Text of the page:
41. One more question. What's Plan B?

    • I go home, get drunk, and complain to my wife about all you guys making my life hard. You don't want that to happen—she'll come in here and whip all of you into shape in no time.

      • completely off topic Philippe, but something I have bee curious about: where did yo get that chawesome picture? did you take it? was it a real sign?

        • I'm not entirely sure what prompted me to search Flickr using the word "poutine" (either that or I'm embarrassed to admit it—your pick), but that picture was the fruit of my labour.

  42. Bloggers/writers should moderate these discussions more consistently. And be paid for their time. If not, can the whole thing altogether.

    The commenters here will just spend more time elsewhere.

    • Please don't force us out to the CBC boards. Kady notwithstanding, it hurts to read them. I plead mercy!

      • And yet, Kady gets paid to do what she does over there…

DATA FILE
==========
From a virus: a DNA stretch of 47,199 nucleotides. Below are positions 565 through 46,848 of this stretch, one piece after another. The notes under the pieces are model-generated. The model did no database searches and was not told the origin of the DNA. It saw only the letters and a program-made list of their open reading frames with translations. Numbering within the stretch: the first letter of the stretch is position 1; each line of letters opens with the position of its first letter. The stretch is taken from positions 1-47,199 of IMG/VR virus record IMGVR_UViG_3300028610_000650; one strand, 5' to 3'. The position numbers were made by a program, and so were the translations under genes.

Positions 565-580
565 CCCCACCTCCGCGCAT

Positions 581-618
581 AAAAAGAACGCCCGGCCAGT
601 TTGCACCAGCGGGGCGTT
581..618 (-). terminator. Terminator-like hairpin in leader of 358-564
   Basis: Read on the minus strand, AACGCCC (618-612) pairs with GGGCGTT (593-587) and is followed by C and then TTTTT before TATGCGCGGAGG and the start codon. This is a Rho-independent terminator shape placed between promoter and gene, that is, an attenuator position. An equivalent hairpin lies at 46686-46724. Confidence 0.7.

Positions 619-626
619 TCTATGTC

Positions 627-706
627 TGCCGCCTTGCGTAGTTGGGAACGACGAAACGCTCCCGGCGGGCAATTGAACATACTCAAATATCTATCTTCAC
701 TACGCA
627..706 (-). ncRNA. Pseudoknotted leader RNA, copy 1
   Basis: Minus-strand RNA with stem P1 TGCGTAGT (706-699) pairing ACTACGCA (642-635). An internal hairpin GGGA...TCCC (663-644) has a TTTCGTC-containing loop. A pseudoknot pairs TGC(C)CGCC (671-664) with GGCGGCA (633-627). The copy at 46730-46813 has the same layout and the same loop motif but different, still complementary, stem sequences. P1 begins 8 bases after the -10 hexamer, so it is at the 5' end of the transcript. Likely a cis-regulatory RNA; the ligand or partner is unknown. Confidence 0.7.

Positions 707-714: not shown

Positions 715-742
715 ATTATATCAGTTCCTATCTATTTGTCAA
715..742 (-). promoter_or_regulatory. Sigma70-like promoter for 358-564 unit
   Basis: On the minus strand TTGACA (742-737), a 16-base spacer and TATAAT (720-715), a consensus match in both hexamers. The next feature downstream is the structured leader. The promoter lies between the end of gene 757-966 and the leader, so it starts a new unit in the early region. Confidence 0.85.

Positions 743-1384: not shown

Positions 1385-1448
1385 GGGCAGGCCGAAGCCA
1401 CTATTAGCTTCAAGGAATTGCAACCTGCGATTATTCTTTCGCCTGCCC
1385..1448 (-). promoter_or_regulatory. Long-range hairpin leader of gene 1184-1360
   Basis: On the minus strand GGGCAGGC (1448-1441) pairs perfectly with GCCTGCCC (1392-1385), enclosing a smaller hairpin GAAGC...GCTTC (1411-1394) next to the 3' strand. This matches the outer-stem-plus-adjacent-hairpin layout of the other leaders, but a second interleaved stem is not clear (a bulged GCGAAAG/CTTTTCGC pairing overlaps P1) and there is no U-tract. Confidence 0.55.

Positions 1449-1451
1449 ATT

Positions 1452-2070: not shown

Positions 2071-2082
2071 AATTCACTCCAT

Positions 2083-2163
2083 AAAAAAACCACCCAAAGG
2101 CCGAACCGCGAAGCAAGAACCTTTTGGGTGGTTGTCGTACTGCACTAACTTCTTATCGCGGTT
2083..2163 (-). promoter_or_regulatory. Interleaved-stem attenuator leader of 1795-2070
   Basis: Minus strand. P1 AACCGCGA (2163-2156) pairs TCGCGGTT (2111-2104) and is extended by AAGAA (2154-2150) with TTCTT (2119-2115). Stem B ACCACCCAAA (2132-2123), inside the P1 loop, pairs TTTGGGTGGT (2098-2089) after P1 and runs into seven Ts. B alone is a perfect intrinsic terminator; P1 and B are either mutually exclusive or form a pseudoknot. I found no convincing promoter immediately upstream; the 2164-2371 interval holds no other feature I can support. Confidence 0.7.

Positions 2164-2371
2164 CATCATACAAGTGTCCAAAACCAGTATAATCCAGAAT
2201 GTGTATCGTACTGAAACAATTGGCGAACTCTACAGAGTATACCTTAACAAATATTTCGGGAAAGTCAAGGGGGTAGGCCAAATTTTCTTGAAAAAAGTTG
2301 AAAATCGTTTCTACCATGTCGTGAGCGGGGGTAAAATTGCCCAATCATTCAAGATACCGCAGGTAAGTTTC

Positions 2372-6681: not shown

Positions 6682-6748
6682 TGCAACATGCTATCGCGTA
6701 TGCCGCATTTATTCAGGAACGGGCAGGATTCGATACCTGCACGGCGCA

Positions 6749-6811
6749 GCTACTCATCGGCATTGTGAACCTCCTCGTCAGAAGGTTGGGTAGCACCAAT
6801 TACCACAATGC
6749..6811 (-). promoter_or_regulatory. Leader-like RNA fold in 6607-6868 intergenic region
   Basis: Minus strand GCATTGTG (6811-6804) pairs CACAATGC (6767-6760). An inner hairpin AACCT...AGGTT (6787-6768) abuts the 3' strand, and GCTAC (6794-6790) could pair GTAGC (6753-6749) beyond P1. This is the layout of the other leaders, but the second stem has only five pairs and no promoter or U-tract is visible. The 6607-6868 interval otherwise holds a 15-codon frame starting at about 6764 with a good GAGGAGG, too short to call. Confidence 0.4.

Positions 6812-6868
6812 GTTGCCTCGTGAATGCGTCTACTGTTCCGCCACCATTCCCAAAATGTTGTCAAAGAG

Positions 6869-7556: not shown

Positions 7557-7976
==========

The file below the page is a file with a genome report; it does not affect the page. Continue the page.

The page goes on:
Wait, fair labour practices at the CBC? With taxpayer money? Talk about a wedge issue…

    • Elsewhere? I'm sorry MR, but I have yet to find an elsewhere that provides the kind of commentary I find on these boards. A real pity that a very few could end up spoiling what I consider the best read on Canadian politics/issues on the interwebs.

      • I think it's a consequence of the fact the writers here do participate in these discussions (just not enough). People are going to care a little more about what they say if they get the sense it actually matters.

    • While I agree that the writers should be compensated for what appears here, what you're saying actually worries me a fair bit. I happen to like the site here as it is, for the most part.

      The ads are annoying sometimes (I don't use ad blockers, I like supporting the sites I visit a little bit at least) and the commenters aren't always the best, but there is very good discussion going on and it's free to participate which goes a long way to encouraging participation in the comments. Paying the writers more means the site would have to generate more revenue, which either means more and more intrusive ads, or a paywall. Both of these would be pretty detrimental to the site and to the conversation here, I'd wager.